By Vanessa Buschschluter
BBC News, Greensville Correctional Center, Virginia
It seems to be all about timing. "Nine eleven" is the local time at which John Allen Muhammad died, Director of Communications at the Virginia Department of Corrections Larry Traylor said.
Muhammad joked his body would be kept "to make sure I'm dead"
Five minutes is the time it took for the cocktail of chemicals to work. He was given 15 to 20 seconds to make a final statement, but chose to remain silent.
Before the execution, the media had been briefed about the exact procedure.
"The condemned man is injected first with thiopental sodium, which induces a state of unconsciousness. The second chemical, pancuronium bromide, stops the breathing. And the third - potassium chloride - stops the heart," we learned from a statement sent by the Virginia Department of Corrections before even arriving at the prison.
And the choice Muhammad would have for his last meal?
"The inmate may select any meal, or combination of items, from the institution's 28 day cycle menu," another statement explained.
Muhammad chose "chicken in red sauce" and "strawberry cakes" his lawyer told us.
And there was a timing involved there, too. Muhammad would have to eat it at least four hours before the execution.
Punctually, at 2100 (0200 GMT), he was led into what is called the "death chamber". Six state witnesses and three representatives of the media were in an adjacent room watching the execution.
Relatives of the victims were in another room, this one darkened, "to protect their privacy," Mr Traylor said.
"He was strapped to the gurney, first by his legs, then his arms and chest," Jon Burkett, one of the media representatives present at the execution, said.
At 2107 his breathing quickened, at 2108 he was motionless, and at 2111 he was pronounced dead.
Once death had been pronounced, the curtains separating the "death chamber" from the viewing rooms were drawn and the witnesses escorted out of the room.
Muhammad's body was driven to the medical examiner's office, where it will be held for two days.
His lawyer told us his client had been joking about the procedure.
"'They'll hold my body for two days to make sure I'm dead', is what he told me," J Wyndal Gordon said.
Mr Traylor did not reveal where Muhammad's last journey would take him. "The condemned man can make requests for what will happen to his body, but that is private."
What is clear is that the journey that led him to Greensville Correctional Center began seven years earlier a couple of hours' drive north on Interstate 95.
For three weeks, Muhammad spread fear and terror around the DC area, targeting random residents with his then teenage accomplice, Lee Boyd Malvo.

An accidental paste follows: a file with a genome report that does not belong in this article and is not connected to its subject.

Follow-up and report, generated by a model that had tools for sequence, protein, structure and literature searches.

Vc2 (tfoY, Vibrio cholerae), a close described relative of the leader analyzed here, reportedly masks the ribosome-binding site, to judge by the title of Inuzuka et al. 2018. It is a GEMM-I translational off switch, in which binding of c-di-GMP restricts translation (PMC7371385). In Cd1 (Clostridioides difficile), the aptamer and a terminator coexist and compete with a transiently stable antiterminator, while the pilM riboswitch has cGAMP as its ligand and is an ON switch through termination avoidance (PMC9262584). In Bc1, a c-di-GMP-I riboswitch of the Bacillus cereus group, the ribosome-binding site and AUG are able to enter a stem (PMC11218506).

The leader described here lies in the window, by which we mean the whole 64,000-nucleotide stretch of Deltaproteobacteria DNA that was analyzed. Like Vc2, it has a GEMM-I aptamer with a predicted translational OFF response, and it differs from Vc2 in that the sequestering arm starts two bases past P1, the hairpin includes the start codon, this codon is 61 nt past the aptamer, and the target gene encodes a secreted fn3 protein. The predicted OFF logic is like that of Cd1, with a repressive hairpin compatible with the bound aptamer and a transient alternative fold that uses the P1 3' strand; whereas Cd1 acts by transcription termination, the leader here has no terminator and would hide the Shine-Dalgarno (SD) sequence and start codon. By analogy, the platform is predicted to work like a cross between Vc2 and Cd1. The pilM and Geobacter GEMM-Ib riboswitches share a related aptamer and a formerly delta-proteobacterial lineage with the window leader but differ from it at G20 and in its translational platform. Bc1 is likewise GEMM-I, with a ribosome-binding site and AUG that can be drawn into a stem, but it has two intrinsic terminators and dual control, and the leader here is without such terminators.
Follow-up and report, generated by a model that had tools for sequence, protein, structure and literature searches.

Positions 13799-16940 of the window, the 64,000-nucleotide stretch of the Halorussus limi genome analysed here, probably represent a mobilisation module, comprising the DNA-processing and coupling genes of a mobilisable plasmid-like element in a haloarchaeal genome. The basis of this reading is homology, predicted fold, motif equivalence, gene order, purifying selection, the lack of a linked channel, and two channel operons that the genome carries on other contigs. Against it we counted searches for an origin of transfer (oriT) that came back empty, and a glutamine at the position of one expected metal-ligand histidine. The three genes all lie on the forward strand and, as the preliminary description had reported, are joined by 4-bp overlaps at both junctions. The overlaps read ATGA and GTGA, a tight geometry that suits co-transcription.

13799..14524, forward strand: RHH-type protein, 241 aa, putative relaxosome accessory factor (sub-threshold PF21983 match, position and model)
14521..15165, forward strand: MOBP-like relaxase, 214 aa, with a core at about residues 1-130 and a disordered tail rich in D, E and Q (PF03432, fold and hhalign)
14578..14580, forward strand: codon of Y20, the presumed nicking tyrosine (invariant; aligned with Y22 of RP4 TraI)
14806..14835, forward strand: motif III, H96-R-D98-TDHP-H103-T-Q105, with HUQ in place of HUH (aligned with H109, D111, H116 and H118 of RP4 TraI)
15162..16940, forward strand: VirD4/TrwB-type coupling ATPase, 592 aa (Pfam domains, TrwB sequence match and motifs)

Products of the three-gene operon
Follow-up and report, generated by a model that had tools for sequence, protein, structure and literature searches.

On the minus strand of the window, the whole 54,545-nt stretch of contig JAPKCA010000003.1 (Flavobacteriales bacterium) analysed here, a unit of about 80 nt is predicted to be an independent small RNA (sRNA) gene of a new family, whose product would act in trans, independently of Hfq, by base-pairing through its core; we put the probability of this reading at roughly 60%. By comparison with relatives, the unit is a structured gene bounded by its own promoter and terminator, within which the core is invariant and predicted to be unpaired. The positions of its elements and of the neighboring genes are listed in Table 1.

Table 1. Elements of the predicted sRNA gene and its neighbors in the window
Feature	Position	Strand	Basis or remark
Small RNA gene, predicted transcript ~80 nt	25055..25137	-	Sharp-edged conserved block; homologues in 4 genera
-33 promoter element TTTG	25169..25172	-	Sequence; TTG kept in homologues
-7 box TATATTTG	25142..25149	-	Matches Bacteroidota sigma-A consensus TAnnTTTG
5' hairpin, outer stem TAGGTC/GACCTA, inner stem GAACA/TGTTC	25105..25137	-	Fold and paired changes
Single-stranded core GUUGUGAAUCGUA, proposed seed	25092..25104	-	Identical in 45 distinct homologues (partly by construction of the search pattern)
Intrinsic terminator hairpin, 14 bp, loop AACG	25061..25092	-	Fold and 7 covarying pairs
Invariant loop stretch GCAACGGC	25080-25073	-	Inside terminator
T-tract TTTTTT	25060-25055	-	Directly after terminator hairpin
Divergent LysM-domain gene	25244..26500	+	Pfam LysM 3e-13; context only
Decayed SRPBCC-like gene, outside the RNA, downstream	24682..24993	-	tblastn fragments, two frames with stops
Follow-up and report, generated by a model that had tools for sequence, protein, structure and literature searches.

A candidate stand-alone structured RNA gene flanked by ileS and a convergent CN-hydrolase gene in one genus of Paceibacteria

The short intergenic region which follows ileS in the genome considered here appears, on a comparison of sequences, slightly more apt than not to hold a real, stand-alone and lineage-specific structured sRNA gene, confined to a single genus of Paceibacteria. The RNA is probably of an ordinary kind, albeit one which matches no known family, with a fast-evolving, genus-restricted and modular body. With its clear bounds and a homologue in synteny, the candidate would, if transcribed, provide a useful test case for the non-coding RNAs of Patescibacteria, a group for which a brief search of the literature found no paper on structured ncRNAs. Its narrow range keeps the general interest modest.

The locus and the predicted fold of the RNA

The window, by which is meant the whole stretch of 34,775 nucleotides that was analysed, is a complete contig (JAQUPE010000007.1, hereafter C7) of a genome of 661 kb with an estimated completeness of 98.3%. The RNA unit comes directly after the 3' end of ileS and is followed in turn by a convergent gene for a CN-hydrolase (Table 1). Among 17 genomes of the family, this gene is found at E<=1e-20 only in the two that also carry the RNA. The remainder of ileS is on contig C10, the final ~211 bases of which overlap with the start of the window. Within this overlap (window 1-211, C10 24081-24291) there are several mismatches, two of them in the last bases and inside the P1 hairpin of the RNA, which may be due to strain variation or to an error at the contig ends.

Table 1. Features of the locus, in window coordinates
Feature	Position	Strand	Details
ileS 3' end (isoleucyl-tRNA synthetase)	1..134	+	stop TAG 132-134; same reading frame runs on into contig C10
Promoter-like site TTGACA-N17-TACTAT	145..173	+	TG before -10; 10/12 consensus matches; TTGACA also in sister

The two had even adapted their car, cutting a hole in its bodywork to fit their rifle.
Rebecca Curtis, 26, was living in Fairfax County at the time. One of the shootings happened just three blocks from her house. She remembers the fear she felt, but does not think the death penalty is the right answer.
"I saw what everyone else is so afraid of and this doesn't change it, this doesn't fix it, this doesn't solve anything."
Terri Steinberg is in tears, hugging fellow anti-death penalty campaigners at a vigil outside the prison.
THE SNIPER SHOOTINGS
1 and 2: A shot is fired in Aspen Hill, north of Washington DC on 2 October. James D Martin is later killed in Wheaton.
3, 4, 5, 6 and 7: The following day, James "Sonny" Buchanan, Prenkumar Walekar, Sarah Ramos, Lori Ann Lewis-Rivera and Pascal Charlot are all shot dead in areas to the north of the city.
8: On 4 October a woman is shot at a mall in Fredericksburg, Virginia.
9: On 7 October a 13-year-old schoolboy is shot at Benjamin Tasker Middle School in Prince George County.
10 and 11: Dean Harold Meyers is shot dead in Manassas, Virginia on 9 October. Two days later, Kenneth H Bridges is killed near Fredericksburg.
12: Linda Franklin is shot dead at a shopping centre in northern Virginia on 14 October.
13: A 37-year-old man is shot in Ashland, south of Washington on 19 October.
14: Conrad Johnson is killed on 22 October in the Aspen Hill area.
"Thou shalt not kill," she says. "We've been safe for seven years since John Muhammad was locked up, and this was not necessary."
And, she says, she knows what she is talking about. "I had lunch at the Ponderosa with my three kids the same day the sniper hit," she says recalling 19 October 2002, when a 37-year-old man was shot in a parking lot outside the steak house.
"It could have easily been me and my family. But I feel that some of the money we spent killing Mr Muhammad would have been better spent helping our veterans, who're coming home with scars that are not visible and causing them to do horrible things, just like what happened in Fort Hood this past week."
But not everyone outside the prison is opposed to the death penalty. Bruce Berry is "here to see justice done to a man who was evil, had no conscience, and was killing people for no reason".
"He got what he deserved, and that young boy should have been right with him, because he was involved in the killings, too," he says referring to Malvo.
"They both should have died. Because all that Malvo is doing is wasting taxpayers' money, sitting there in prison."
Bob Meyers witnessed the execution. It was his brother Dean's killing for which Muhammad was being executed.
He is relieved it is over, he says. "It's just so sad. There's no winners here tonight. We're not celebrating. But on the other hand, we appreciate the fact that there were laws in place that were appropriate
and it came to a conclusion and the process worked."